Pianist Soyen Kate Lee at IPS

Tuesday, April 26, 2016
by
Soyen Kate Lee

Soyen Kate Lee

THIS YEAR’S International Piano Series at College of Charleston ended with a splendid concert by Korean-American pianist, Soyen Kate Lee, who displayed remarkable insight and technique, coupled with a model of programming.

For the first part of her performance, Lee stuck to the twentieth century, mainly with works by the Russian mystic, Alexander Scriabin. Among five Scriabin pieces was “Fantasy in B Minor, Op. 28” which could have passed for a creation of Sergei Rachmaninoff.

The remainder of the first half included turn-of-the-century (the last one) Russian pieces, reflecting the composer’s virtuoso demands on the pianist. Lee played with a technical flair that spanned the spectrum from delicate pianissimos to thunderous fortissimo sections. She then added seven of the “24 Preludes for Piano” by Lera Auerbach, a contemporary Russian-born American composer who is a friend of the pianist.

While I am sure Auerbach is a talented musician, I am not familiar with her music. The selections played last Tuesday night in the Sottile Theatre were less than expected for someone of Lee’s musical pedigree. The compositions probably need more than one hearing to be appreciated, as is the case with much modern — or “post-modern” — music.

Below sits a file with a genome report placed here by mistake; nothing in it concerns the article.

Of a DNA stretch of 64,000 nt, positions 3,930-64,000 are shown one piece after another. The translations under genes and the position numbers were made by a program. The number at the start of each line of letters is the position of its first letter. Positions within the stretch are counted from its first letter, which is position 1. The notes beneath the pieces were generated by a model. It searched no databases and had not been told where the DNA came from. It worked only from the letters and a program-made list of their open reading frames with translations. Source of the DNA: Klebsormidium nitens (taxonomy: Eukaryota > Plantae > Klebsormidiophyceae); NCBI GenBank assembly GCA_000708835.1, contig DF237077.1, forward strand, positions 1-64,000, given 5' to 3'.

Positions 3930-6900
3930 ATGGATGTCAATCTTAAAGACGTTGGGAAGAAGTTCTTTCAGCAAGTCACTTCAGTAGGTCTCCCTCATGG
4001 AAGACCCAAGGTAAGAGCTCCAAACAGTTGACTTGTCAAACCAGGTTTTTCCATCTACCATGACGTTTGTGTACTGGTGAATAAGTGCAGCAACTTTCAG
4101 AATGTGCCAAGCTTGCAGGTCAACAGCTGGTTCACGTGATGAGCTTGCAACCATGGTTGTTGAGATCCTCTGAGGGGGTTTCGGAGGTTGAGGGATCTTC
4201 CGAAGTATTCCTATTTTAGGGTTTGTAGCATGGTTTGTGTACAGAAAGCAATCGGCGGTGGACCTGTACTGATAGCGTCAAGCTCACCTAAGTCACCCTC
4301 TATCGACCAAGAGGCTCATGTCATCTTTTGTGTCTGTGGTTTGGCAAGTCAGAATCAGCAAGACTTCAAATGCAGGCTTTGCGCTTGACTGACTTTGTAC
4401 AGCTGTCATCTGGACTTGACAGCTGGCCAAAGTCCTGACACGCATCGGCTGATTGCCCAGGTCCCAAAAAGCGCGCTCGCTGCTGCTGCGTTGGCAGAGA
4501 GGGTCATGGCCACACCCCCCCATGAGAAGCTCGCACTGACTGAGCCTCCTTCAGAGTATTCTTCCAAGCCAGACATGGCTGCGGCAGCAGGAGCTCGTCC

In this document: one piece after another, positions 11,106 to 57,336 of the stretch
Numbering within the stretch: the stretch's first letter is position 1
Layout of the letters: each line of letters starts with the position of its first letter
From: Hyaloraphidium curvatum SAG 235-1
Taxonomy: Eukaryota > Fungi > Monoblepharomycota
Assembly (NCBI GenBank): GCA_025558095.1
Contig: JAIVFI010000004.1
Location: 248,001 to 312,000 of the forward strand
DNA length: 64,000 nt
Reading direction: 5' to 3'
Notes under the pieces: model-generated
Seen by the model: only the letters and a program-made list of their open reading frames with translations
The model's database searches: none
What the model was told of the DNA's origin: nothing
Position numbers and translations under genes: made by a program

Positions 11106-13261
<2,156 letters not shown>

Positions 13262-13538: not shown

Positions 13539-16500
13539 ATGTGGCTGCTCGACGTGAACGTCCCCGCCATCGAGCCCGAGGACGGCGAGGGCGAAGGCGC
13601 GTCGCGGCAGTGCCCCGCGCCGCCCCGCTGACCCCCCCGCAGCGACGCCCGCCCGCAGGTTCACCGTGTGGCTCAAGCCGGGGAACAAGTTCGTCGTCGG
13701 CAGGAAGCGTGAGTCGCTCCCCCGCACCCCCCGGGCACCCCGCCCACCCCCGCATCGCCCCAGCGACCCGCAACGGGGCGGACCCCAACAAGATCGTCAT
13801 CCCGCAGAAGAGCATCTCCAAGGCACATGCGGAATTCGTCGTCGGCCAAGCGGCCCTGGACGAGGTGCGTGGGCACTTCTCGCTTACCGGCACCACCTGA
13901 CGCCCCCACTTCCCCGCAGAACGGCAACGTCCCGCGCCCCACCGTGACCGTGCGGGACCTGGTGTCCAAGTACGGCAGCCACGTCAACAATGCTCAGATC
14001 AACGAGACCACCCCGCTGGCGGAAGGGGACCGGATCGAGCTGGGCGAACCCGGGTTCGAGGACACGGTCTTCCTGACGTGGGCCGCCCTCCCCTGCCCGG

Following intermission, and in more familiar territory, Lee presented Chopin and Debussy. Chopin’s “Barcarolle, Op. 60” is in the style of songs sung by Venetian gondoliers, and is one of the two most famous barcarolles; the other being by Offenbach in his opera, “The Tales of Hoffman.” Lee steered a central course, managing to avoid being too sentimental or too aggressive in her reading.

Shostakovitch composed a series of 24 preludes and fugues after J.S. Bach. Lee offered the former’s “Prelude and Fugue in E-flat minor and in D Major, Op. 87” in a balanced manner that highlighted the dramatic and sarcastic composer’s musical traits with insight and taste.

Demonstrating that she had mastered the style of each composer, Lee then chose Debussy to close her program. The audience had heard two of the three items from his “Preludes, Book I,”  “La fille aux cheveaux de lin” and “Ce qu’a vu le vent d’ouest,” in February — when Robert McDonald performed them at the third concert of this series. Lee made these piano miniatures vibrant and poignant, providing a fascinating contrast with McDonald’s interpretation, with equally masterful insight (see that review here).

Interestingly, Lee studied under McDonald and, in another interconnection, is the wife of Ran Dank, the outgoing Artistic Director of the IPS series.

In her encore, Lee rounded out this final concert of the 2015–2016 International Piano Series with a beautiful waltz by Chopin.

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